Leaders in a number of local non-profit organizations, and the Kodiak Public Library Association can breathe a sigh of relief following last night’s regular city council meeting.
As KMXT’s Maggie Wall reports, the council approved its annual non-profit funding, and also approved the city accepting a state grant to help build the new library.
In the interest of full disclosure, Kodiak Public Broadcasting Corporation, which owns KMXT, received $15,000 in funding.
— (City Council 4:32 SOC)
The Kodiak City Council last night approved the city’s annual funding for local non-profits, accepting a state grant for nearly $7 million for the new library, and approving the hiring of an Anchorage firm as the project manager for the library construction project.
Looking first at the non-profit funding, the council passed unanimously a resolution outlining which groups got what amount of money. The listing was mostly hashed out during Tuesday’s work session and includes roughly $117-thousand divied up among four categories of services-youth recreation, adult recreation, public safety and emergency response.
A new strategy this time around raised red flags for several council members at Tuesday’s work session. Five of the non-profits-including KMXT-requested funds in more than one category.
That prompted questions about "double dipping" at Tuesdays’ work session, but Councilman John Whidden clarified that he wasn’t questioning that the organizations might fit in more than one category, he was mostly questioning the procedure:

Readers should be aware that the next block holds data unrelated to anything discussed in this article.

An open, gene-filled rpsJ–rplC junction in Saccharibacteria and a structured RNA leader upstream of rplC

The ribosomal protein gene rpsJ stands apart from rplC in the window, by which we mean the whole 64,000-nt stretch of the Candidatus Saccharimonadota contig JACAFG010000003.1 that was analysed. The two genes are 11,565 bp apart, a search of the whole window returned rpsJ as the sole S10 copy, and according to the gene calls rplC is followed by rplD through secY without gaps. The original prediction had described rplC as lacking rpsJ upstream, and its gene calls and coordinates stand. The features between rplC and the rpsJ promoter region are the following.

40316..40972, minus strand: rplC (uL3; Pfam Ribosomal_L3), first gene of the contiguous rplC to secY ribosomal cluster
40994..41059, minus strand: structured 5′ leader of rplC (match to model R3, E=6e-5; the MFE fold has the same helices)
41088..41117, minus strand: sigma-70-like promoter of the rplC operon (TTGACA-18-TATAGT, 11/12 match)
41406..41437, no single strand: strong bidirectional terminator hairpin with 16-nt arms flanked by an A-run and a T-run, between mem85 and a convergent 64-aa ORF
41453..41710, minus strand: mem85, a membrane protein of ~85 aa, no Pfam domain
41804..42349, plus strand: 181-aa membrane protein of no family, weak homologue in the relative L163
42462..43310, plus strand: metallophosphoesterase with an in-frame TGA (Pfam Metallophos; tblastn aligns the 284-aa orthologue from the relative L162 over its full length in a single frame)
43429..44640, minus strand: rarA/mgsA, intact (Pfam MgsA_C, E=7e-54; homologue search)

-((John Whiddon :50 "I want to clarify…a fairness issue."))
Whiddon added that the council was very appreciative of non-profits. His comments were echoed by Council woman Pat Branson:
-((Pat Branson :50 "I’m glad that…a little bit clearer."))
The council also had praise last night for the Kodiak Public Library Association which has worked hard to partner with the city to get a new library.
The council accepted a state grant for $6.9 million dollars-which is roughly half of the high end estimate for the new library and all its associated construction costs.
The council also approved entering into an agreement with RISE Alaska, an Anchorage firm with which City Manager Aimee Kniaziowski has dealt with in the past:
-((City Manager :40 "I have had…$130,195"))
RISE President Roe Sturgulewski is a former Kodiak resident.
In other business, the council approved renewed an office lease agreement with the Kodiak Maritime Museum as well as the lease for the city’s use of the borough building.
The council also authorized the bid award for work on the Pillar Creek Dam spillway repair project, the purchase of a new grader and the contract with the state for operating the jail.
I’m Maggie Wall